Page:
Proceeding with Brexit
Parliament has now voted for a form of Brexit, for the first time, which is a major milestone in the process. It has not agreed a timetable for implementation though, which has resulted in critical Newspaper headlines: Parliament ‘puts brakes on Brexit’. It is now possible that we will have a general election that is framed as a struggle of ‘the people versus Parliament’, which would be very dangerous for the future of British democracy.
People are frustrated by the seemingly endless delays and disagreements. Boris Johnson’s declared objective, to “get Brexit done” by implementing his Withdrawal Bill, is disingenuous. All that he is offering is an orderly transition to the real decision-making: negotiating the trade agreement with the EU. Nonetheless, people are likely to vote for his approach if there is a general election because it would appear decisive.
Anthony Painter’s article, WHY HAS BREXIT BROKEN BRITISH DEMOCRACY?, points out that Brexit is “a problem that requires a consensus approach, and British democracy is built on majorities. Until we can address that mis-match, we won’t be able to find a lasting way forward.” The adversarial politics in Britain, founded on the ‘first-past-the-post’ electoral system and amplified by social media ‘echo chambers’, are totally unsuited to negotiating compromises. A general election could easily result in another hung Parliament, increasing people’s frustration with politicians.
Earlier this year, John Gray argued that Brexit has left the British political class trapped by its own history. He pointed to what he called “the refusal of the political class to respond intelligently to the 2016 referendum”. He continued: “Instead of trying to understand and implement its result, they have treated it as an eruption of unreason that must be resisted at any cost.” The main problem with his analysis is that the suggested causes of the Brexit vote, a “post-Cold War era that included the Iraq War, the financial crisis and a decade of austerity”, weren’t caused by Britain’s membership of the EU and nor will they be solved by leaving.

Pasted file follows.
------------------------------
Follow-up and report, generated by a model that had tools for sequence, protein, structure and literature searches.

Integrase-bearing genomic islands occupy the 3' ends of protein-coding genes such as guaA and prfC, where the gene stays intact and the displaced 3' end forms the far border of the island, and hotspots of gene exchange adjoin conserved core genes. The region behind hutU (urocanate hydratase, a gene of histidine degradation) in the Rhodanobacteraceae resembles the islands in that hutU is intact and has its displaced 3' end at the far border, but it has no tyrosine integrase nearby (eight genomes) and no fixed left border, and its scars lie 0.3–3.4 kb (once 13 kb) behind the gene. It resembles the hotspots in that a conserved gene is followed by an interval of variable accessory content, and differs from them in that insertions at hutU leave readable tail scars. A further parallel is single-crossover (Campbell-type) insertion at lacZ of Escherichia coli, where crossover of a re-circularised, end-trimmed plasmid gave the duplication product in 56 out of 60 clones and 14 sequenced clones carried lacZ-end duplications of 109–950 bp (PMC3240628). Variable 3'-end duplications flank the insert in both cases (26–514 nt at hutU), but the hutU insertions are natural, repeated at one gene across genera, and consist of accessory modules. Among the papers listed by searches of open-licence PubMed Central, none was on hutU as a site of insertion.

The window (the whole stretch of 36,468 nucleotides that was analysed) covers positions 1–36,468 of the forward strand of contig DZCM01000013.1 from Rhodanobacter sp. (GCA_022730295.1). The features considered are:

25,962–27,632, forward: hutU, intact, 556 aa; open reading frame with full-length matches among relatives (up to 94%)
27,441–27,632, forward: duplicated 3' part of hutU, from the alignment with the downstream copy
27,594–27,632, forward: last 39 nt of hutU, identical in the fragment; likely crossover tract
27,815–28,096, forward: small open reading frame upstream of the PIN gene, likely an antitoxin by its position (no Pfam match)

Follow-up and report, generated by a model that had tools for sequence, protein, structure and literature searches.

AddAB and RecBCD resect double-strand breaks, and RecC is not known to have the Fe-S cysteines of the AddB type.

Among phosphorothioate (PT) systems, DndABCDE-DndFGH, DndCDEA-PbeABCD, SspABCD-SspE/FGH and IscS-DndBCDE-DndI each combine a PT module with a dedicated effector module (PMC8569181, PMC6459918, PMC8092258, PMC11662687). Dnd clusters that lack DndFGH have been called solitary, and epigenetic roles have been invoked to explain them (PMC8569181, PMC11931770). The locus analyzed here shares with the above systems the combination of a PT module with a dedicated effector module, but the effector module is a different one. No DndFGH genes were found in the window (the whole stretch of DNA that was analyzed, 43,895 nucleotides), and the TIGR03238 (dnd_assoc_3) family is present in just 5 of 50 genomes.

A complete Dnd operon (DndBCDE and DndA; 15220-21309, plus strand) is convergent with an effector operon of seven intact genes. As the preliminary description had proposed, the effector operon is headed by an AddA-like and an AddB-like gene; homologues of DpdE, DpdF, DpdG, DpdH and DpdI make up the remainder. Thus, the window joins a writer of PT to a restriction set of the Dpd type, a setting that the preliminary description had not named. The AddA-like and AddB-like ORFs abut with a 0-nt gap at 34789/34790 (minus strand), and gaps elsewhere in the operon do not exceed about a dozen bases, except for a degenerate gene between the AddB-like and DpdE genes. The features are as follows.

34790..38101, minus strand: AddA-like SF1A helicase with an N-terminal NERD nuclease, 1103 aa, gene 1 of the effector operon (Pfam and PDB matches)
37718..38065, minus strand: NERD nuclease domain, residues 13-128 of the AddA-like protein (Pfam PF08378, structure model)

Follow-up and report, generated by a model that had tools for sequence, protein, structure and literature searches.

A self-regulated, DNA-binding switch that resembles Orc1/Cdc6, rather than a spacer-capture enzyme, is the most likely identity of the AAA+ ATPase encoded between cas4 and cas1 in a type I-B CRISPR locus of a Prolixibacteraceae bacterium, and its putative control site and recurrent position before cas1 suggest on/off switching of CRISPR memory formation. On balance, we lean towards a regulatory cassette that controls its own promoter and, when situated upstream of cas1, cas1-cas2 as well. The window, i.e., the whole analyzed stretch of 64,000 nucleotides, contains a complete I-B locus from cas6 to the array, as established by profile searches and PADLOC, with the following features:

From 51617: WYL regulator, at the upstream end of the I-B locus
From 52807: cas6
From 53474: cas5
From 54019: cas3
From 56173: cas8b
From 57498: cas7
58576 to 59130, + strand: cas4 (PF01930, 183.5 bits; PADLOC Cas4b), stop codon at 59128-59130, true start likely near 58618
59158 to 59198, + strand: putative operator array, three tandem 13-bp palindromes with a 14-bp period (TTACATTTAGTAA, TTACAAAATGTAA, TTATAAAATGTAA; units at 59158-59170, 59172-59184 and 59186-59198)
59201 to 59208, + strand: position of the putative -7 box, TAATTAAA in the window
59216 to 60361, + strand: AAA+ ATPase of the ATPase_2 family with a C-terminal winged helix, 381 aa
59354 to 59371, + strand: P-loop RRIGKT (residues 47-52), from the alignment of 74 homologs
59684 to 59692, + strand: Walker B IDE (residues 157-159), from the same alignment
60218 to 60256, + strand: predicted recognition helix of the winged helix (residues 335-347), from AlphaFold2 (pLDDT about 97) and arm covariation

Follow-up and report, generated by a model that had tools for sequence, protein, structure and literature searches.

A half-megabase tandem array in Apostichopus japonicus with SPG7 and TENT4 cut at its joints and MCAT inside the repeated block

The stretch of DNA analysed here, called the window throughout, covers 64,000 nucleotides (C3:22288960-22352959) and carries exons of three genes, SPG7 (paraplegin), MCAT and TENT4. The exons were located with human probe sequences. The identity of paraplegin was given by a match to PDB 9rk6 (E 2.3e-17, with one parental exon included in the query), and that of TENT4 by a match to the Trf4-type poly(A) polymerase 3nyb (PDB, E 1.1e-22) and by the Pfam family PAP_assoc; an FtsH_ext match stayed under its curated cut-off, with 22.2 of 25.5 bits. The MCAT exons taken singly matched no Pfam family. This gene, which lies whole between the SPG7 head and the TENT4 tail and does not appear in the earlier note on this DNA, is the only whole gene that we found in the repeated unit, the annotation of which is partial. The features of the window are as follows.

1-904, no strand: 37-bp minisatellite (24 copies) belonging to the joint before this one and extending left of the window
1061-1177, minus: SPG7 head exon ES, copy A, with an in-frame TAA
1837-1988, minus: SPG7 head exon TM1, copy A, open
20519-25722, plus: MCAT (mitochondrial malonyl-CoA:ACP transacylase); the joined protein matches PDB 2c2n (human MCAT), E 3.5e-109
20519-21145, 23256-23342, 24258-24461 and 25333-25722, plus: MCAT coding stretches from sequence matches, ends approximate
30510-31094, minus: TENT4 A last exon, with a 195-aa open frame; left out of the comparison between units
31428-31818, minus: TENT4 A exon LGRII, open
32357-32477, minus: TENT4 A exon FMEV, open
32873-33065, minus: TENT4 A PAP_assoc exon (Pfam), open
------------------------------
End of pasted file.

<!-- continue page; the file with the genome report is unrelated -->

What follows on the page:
The least dangerous way forward now is for the government to take the time to pass the Withdrawal Bill into law and proceed with negotiating a trade agreement with Europe during the transition period. Only when that is completed will people be able to see the impact of leaving the EU. That, perhaps, would be the best moment for a ‘people’s vote’ to either go forward on that basis or try to reverse the process (which the EU would probably allow us to do). When there is a general election, it should be about which style of government is best able to resolve people’s real problems.